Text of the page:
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David Watts


David Watts

David Watts was born the 14th of March 1886 in Maesteg to a typical Welsh coal mining family. From census returns it appears that he was raised by his grandparents Samuel and Phoebe Jones in Talbot Terrace, Maesteg but more recent evidence shows he had moved to Garn Road in Maesteg.

David remained loyal to his birthplace and never moved from Maesteg. It was inevitable that he would follow his forbears into the hard, dark and dirty coalmines of the region and did so probably before the age of 14 following his schooling. David would initially have served as a dram filler, clearing the stall and roadway or other manual jobs. He would learn the ropes and assist a senior hewer (possibly a family friend or relative) before he was given his own section to work in. Once he showed he could handle the independence he would be responsible for erecting pit props as he dug further into his own stall with a lad to assist him. He was certainly a Coal Hewer in 1901 aged 16, a profession that constituted working long hours in extremely cramped conditions at the coal face. The day or night shift began long before he began to earn any money. There was the walk to work, the preparation of going underground and once at the heading it was common to walk miles before reaching the coal face. He would hack at the seam using manual tools to extract the coal. Only then when the drams were being filled did he begin to earn his money. Every day he would face the danger of flooding, gas, rock falls and if your entire career was in this environment then face the prospect of the debilitating black lung disease caused by the coal.

This profession shaped David’s early years. He was extremely fit and as hard as nails, just like his peers who he worked alongside. But Dai stood out from the others, he was good at rugby!  

Why go anywhere else to play rugby when you lived only a short walk from the home ground. Maesteg initially played their rugby on the cricket ground and it was later they moved to the Llynfi Road .  David would have already been aware of Maesteg RFC and rugby but we can only speculate if it was something he was extremely keen on at a young age or was it something he was introduced to when he was older. There are no records to substantiate when his playing career began but we do know that when it did his natural talents were to take him right to the top in his short playing career.

Maesteg were one of the forerunners of Welsh rugby, established in 1882 (some records state 1877) and as every South Wales town grew with the demand for coal, steel, iron and copper so did the demand to watch sport, particularly rugby. Large crowds were recorded at games and the rivalries between the towns were intense. The game developed but owing to the physical side of the game it was often recorded that fights broke out between players quickly followed by the supporters wading into each other. Those chaotic early days of Welsh rugby soon gave way to established fixtures and cup competitions. The likes of Cardiff , Swansea and Newport were the big boys and other industrial town teams such as Mountain Ash, Abertillery were never a pushover. By the beginning of the 20th century Wales ’ national game was rugby.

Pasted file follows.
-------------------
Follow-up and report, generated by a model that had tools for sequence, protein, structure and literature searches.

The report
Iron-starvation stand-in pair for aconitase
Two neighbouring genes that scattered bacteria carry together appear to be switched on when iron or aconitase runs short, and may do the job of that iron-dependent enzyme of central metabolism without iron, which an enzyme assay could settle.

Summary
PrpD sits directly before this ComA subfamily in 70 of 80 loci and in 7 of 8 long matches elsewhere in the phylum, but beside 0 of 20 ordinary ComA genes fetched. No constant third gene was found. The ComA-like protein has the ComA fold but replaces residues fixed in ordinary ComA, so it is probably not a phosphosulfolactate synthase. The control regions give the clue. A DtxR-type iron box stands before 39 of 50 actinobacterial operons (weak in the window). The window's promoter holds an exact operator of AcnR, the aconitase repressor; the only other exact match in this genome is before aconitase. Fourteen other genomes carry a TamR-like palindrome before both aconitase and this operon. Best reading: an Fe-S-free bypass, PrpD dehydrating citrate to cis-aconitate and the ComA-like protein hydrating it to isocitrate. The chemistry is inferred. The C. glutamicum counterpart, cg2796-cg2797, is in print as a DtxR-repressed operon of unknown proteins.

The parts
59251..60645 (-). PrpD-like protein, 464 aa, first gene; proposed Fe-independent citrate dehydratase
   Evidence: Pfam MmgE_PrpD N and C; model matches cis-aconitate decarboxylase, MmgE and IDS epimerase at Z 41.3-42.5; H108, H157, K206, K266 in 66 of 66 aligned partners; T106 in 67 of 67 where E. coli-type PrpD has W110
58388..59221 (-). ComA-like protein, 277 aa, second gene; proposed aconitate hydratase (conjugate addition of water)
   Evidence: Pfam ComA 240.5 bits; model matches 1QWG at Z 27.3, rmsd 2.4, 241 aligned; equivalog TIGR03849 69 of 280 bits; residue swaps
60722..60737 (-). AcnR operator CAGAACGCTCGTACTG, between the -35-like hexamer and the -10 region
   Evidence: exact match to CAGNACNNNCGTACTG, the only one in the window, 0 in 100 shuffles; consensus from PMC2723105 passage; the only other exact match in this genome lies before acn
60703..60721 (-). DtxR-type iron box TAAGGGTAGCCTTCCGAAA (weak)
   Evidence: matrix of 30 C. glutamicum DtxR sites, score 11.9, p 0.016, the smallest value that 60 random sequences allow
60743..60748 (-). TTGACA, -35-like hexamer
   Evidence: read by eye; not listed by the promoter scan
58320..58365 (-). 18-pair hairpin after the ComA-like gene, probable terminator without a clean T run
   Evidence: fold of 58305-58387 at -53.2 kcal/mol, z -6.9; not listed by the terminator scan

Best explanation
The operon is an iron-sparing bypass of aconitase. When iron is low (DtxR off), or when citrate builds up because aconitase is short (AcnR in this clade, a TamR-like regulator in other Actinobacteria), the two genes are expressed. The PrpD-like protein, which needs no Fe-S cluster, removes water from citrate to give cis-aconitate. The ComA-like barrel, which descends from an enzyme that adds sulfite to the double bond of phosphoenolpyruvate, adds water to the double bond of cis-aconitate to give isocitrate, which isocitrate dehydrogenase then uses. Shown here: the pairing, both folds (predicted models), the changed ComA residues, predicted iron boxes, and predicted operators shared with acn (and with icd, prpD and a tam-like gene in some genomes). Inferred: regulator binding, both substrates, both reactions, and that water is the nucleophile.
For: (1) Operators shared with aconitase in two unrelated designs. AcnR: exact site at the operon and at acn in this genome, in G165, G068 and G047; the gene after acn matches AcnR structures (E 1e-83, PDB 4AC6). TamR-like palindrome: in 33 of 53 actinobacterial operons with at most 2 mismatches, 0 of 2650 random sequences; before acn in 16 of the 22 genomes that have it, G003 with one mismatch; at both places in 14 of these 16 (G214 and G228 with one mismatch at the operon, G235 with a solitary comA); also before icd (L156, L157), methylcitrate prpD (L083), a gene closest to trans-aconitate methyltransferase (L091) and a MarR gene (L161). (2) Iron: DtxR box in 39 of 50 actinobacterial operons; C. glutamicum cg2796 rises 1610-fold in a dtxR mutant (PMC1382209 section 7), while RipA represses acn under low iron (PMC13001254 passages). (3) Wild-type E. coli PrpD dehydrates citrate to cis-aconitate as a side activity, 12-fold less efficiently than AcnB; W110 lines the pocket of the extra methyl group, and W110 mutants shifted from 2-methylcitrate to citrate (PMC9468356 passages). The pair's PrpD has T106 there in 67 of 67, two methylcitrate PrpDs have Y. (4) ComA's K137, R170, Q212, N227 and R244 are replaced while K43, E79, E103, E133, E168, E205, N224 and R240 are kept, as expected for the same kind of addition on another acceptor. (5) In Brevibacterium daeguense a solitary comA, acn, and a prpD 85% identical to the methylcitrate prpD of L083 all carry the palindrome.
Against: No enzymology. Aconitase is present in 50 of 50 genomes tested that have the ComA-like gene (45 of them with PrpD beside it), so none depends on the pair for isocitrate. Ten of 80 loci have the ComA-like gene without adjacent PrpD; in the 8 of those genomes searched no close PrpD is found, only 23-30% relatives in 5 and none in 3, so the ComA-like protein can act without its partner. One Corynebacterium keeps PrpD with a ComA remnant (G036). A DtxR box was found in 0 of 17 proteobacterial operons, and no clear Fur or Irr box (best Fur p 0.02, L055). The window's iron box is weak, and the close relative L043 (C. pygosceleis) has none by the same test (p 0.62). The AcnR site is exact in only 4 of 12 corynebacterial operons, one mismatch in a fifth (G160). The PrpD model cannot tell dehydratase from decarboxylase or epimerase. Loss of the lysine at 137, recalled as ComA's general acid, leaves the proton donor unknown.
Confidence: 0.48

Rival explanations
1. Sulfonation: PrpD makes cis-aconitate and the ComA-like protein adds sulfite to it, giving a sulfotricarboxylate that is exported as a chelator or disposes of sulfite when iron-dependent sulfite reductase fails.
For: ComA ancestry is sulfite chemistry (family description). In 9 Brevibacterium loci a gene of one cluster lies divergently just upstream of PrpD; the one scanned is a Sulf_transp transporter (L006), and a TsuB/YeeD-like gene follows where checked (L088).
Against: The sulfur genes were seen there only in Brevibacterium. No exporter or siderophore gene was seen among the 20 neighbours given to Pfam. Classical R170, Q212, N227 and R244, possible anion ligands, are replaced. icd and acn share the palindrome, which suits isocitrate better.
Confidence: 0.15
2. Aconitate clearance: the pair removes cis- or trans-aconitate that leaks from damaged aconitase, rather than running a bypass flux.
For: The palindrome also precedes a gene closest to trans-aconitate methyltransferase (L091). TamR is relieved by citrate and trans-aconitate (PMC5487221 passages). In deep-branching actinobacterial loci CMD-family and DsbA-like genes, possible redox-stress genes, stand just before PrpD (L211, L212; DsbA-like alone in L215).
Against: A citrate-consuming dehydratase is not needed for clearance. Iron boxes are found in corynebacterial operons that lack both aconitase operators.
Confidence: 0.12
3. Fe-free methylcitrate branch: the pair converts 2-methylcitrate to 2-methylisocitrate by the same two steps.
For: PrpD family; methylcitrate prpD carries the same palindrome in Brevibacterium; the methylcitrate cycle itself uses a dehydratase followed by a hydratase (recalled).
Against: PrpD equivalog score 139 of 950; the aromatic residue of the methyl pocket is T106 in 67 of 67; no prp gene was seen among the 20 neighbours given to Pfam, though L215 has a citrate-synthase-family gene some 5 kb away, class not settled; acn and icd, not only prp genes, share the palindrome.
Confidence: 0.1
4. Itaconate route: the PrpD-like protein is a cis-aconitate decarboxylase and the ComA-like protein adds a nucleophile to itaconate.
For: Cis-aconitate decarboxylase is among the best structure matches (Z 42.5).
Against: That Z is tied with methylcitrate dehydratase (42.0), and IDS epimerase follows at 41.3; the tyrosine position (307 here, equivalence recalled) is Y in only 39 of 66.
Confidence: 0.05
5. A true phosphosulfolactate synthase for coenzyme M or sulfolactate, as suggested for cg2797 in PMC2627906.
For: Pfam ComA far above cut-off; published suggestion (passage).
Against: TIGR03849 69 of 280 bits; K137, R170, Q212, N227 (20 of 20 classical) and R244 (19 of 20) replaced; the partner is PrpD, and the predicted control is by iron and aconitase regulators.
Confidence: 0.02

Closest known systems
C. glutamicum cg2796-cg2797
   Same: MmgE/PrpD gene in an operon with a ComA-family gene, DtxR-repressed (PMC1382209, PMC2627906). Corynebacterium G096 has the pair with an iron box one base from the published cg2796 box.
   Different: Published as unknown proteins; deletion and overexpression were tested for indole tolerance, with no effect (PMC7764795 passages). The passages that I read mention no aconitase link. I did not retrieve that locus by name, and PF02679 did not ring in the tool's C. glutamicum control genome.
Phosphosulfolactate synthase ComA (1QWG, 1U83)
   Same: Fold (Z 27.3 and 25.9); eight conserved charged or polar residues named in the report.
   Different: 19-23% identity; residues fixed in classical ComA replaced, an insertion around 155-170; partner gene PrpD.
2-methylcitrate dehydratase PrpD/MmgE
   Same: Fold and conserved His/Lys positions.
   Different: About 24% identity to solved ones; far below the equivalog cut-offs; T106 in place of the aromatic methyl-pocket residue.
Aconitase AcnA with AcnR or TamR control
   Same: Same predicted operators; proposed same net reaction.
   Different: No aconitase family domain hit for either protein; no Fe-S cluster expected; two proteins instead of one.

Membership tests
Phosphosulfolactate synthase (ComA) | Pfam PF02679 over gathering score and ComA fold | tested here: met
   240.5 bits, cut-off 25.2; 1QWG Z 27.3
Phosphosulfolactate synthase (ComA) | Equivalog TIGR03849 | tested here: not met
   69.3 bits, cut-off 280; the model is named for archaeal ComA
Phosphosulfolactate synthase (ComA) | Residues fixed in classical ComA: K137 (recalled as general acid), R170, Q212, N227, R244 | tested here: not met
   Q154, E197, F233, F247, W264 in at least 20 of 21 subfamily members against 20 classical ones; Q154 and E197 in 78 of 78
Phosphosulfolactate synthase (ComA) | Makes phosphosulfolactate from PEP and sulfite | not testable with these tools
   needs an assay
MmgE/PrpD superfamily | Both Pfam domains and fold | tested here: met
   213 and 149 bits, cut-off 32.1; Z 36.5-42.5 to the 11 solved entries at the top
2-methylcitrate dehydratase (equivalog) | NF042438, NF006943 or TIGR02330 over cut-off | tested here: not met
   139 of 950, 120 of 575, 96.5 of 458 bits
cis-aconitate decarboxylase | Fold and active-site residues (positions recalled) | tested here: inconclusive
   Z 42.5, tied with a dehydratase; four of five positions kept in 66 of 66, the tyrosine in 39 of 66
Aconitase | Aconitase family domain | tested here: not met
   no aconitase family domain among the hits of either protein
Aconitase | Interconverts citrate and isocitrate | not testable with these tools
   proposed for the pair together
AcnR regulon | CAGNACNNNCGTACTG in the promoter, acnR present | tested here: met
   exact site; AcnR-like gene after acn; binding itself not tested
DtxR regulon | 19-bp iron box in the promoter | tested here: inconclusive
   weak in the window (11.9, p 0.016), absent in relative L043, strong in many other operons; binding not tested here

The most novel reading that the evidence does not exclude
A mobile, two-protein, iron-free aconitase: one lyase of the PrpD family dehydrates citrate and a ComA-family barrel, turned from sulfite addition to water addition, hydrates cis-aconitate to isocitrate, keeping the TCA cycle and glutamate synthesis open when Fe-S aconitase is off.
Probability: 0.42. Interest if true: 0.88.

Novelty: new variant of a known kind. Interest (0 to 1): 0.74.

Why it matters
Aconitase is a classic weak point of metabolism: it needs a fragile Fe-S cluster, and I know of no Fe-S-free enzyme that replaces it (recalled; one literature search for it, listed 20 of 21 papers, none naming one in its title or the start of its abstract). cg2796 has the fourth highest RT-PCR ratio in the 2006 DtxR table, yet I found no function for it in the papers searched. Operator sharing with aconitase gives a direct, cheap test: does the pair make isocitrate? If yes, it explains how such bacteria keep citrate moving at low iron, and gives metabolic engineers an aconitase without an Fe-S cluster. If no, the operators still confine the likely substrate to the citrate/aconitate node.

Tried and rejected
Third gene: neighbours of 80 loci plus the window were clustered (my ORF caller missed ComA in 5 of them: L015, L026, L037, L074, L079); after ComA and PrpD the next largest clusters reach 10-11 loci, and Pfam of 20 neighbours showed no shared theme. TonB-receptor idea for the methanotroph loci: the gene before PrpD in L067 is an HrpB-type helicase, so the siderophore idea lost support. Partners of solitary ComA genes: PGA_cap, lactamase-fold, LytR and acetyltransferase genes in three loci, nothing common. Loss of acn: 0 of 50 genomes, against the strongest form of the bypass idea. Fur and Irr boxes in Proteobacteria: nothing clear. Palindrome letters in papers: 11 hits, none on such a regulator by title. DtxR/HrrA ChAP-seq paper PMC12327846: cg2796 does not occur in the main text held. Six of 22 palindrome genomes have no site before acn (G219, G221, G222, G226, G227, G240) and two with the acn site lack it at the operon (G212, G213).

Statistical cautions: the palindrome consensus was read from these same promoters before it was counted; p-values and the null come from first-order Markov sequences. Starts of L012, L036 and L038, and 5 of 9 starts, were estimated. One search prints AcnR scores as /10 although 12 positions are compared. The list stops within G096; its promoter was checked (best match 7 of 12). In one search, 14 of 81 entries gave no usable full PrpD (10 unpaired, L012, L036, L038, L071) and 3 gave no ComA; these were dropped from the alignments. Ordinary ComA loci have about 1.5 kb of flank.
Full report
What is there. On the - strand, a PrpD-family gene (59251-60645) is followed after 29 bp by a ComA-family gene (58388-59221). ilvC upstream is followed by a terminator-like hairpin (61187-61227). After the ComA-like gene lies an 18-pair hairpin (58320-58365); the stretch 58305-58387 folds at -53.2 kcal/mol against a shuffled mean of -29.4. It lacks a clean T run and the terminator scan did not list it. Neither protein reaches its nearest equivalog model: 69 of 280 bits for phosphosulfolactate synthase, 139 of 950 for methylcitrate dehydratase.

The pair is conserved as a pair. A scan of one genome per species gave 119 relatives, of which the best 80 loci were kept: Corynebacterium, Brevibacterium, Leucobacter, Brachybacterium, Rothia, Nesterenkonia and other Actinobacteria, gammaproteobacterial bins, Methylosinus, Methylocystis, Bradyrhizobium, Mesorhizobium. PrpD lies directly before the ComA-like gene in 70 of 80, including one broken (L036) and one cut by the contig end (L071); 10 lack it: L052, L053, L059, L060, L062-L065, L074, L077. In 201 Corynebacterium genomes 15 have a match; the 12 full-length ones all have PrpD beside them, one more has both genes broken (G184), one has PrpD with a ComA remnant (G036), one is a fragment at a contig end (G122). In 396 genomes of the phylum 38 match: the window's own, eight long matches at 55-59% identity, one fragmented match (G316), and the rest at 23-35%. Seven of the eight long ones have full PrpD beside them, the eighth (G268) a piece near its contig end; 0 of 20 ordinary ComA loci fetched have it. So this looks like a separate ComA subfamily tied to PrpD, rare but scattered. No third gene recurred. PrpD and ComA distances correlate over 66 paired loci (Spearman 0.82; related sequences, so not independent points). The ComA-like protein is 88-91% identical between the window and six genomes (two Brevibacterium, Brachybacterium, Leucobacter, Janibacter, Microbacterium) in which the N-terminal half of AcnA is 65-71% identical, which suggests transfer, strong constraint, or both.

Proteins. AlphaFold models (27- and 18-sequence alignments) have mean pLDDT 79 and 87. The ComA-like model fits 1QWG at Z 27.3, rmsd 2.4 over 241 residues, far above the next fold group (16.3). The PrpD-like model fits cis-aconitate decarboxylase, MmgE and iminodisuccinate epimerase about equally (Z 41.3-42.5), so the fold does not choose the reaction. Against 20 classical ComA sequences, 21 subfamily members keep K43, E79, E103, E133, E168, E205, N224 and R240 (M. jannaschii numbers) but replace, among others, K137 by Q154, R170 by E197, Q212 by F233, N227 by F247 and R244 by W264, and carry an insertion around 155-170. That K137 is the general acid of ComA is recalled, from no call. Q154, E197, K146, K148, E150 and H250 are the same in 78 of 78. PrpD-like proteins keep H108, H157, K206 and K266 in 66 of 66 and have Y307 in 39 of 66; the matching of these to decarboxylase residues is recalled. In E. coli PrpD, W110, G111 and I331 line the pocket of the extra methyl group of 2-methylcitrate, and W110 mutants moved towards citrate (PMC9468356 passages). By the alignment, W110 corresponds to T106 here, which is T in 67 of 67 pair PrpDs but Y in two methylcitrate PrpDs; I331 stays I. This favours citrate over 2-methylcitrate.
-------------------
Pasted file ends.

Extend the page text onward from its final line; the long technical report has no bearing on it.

David’s priority would have been work and the wages he brought into the home. He would have been aware that a successful 1905 Wales recorded their first ever win over the conquering All Blacks and won their 4th triple crown. This was the start of a golden period of Welsh rugby and it is likely around this moment in time that his playing career had already begun at the age of 19.

1910 was the beginning of “unfashionable” clubs making a revival in Wales in contrast to typical strongholds such as Cardiff , Swansea and Newport . In “Fields of Praise” the official history of the WRU it states, “the 1910-11 season began with a heartening revival of rugby interest in Maesteg.”  I would like to think that David Watts was a part of this as it goes on to describe “the super excellence” of their pack. It was in the pack that David Watts, who developed his strength down the mines, was to play in his position of lock.

Maesteg had become a formidable team and in 1912 they won the Glamorgan challenge Cup; however no Maesteg player would get the opportunity to represent his country as the Welsh national side were an established team with the likes of Jack Bancroft, Billy Trew and the great Dicky Owen. It was unusual for an international player to reach double figures for caps in this era, after all rugby was an amateur sport and a balance needed to be found between work and rugby. A chance of a cap would always be a possibility to a player from a successful club team but Maesteg players would be overlooked until 1914 when David Watts was finally given the nod.



David Watts had the honour of receiving the first international cap whilst representing Maesteg rugby club. The was a fantastic achievement; Maesteg had not replicated their cup winning year of 1912 but Watts had remained with the club and his performances since then were evidence and worthy enough of his call up.

David travelled to Twickenham to make his international bow. On the 17th of January 1914 Wales introduced 5 new caps including David Watts. Wales ’ entire team only numbered 56 caps.  England were also experimenting and gave debuts to 6 players but were more experienced with 80 caps in all and had in their team the supreme trio, Poulton-Palmer, Cyril Lowe and Charles “Cherry” Pillman.